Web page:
ColinDouglasHandshake

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Re: Coronavirus
« Reply #14710 on December 02, 2021, 08:06:18 pm by ColinDouglasHandshake »
You're asking me to get inside Johnson's head...

Haha i guess that's a fair point. But my other questions such as high infection rates in Austria etc despite the mandating of FFP3 respirators etc?

Because it is a highly complex problem.

There isn't a golden bullet solution. You need to stack the odds in your favour by doing as many mitigating things as required.  Austria has a shockingly low vaccination rate so it is already handicapped. As I say, the question shouldn't be "Why haven't masks solved the problem?" It is "How much worse would the problem be without masks?"

10% worse. Meaning it isn't worth doing forever for those small margins.

ColinDouglasHandshake

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Re: Coronavirus
« Reply #14711 on December 02, 2021, 08:23:31 pm by ColinDouglasHandshake »
The NHS vaccination adverts for kids vaccines claimed that to keep kids at school they should have their covid vaccines. Yet reports are that anyone being identified as a close contact of someone with Omicron or anyone with Omicron has to isolate even if they are vaccinated.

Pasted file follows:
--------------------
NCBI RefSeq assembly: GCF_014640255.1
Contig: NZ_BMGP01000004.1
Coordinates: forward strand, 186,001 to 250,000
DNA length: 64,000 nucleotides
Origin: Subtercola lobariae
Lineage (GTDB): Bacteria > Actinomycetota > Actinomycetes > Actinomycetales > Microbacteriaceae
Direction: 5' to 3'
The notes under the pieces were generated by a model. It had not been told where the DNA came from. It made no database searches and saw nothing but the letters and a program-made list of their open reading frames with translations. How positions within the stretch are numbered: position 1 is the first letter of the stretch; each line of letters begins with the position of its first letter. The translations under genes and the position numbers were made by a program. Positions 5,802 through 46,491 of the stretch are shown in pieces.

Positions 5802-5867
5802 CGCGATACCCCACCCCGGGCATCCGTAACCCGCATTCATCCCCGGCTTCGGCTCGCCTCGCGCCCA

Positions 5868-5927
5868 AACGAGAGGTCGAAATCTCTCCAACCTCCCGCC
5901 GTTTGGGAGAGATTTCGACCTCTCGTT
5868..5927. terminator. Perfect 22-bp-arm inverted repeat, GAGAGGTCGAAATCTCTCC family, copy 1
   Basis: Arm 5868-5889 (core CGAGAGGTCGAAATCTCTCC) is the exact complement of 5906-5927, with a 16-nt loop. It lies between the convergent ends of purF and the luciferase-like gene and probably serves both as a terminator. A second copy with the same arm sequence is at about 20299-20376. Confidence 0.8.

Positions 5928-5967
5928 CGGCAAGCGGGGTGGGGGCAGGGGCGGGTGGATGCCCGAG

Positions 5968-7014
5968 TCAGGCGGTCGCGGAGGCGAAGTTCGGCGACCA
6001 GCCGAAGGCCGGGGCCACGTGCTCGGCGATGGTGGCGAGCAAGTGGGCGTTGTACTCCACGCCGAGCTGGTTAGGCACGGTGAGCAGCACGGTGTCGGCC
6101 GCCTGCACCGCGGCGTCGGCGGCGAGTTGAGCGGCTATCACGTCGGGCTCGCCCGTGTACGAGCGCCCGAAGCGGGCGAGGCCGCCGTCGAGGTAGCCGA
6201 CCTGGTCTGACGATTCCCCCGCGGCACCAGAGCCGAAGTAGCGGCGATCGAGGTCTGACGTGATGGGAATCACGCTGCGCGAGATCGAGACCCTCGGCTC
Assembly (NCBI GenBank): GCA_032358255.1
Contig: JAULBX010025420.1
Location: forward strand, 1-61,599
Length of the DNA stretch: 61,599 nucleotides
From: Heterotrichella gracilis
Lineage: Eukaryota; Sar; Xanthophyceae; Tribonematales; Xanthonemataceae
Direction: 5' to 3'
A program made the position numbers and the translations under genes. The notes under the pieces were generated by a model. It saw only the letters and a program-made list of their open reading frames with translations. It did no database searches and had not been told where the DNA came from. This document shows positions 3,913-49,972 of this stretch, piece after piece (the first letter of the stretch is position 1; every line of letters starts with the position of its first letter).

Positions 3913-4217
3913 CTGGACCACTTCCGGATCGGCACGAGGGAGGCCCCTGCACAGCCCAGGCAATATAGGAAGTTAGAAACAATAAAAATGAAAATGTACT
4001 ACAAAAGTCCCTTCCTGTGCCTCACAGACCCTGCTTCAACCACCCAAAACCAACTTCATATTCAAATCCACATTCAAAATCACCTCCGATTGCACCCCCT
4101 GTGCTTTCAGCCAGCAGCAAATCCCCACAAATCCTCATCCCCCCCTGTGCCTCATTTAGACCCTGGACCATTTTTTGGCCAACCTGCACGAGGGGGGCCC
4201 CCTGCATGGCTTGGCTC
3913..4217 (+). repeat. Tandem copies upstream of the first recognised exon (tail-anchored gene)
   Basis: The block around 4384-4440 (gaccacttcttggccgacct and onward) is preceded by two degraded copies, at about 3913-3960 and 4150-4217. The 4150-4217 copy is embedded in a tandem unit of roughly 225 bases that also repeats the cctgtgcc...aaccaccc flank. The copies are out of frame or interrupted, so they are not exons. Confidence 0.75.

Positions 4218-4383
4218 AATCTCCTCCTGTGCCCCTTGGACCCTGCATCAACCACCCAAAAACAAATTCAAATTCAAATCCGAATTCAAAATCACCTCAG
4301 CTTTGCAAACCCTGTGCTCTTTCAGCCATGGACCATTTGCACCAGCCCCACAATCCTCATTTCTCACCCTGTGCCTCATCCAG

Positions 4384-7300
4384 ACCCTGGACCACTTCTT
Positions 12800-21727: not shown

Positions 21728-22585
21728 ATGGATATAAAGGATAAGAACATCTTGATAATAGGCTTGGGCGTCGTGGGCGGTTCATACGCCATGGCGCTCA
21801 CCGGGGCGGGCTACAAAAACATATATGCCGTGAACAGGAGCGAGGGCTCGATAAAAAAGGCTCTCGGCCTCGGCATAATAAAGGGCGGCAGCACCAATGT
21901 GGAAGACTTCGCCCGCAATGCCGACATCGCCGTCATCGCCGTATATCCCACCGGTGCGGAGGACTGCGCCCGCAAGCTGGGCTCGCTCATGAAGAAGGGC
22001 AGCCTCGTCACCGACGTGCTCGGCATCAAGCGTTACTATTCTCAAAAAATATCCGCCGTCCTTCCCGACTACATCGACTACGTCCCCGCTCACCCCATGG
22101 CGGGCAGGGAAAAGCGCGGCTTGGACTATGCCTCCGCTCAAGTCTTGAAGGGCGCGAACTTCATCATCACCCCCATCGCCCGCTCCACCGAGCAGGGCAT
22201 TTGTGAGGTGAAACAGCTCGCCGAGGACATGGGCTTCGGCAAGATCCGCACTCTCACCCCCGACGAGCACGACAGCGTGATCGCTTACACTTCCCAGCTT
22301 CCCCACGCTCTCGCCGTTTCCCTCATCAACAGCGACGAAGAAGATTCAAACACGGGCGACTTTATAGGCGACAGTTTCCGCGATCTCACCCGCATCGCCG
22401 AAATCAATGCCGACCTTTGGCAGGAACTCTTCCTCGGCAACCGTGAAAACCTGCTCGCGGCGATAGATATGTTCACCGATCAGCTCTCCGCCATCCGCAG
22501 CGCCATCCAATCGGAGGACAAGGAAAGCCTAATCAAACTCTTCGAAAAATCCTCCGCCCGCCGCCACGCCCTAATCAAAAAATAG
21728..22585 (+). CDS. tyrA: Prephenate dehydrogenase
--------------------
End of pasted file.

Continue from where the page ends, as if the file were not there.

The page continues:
So a child can be jabbed and yet still have to be off school again for 10 days. The pingdemic returns?
« Last Edit: December 02, 2021, 08:35:26 pm by ColinDouglasHandshake »

BillyStubbsTears

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Re: Coronavirus
« Reply #14712 on December 02, 2021, 09:02:19 pm by BillyStubbsTears »
You're asking me to get inside Johnson's head...

Haha i guess that's a fair point. But my other questions such as high infection rates in Austria etc despite the mandating of FFP3 respirators etc?

Because it is a highly complex problem.

There isn't a golden bullet solution. You need to stack the odds in your favour by doing as many mitigating things as required.  Austria has a shockingly low vaccination rate so it is already handicapped. As I say, the question shouldn't be "Why haven't masks solved the problem?" It is "How much worse would the problem be without masks?"

10% worse. Meaning it isn't worth doing forever for those small margins.

It truly is like talking to a brick wall.

BillyStubbsTears

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Re: Coronavirus
« Reply #14713 on December 02, 2021, 09:06:07 pm by BillyStubbsTears »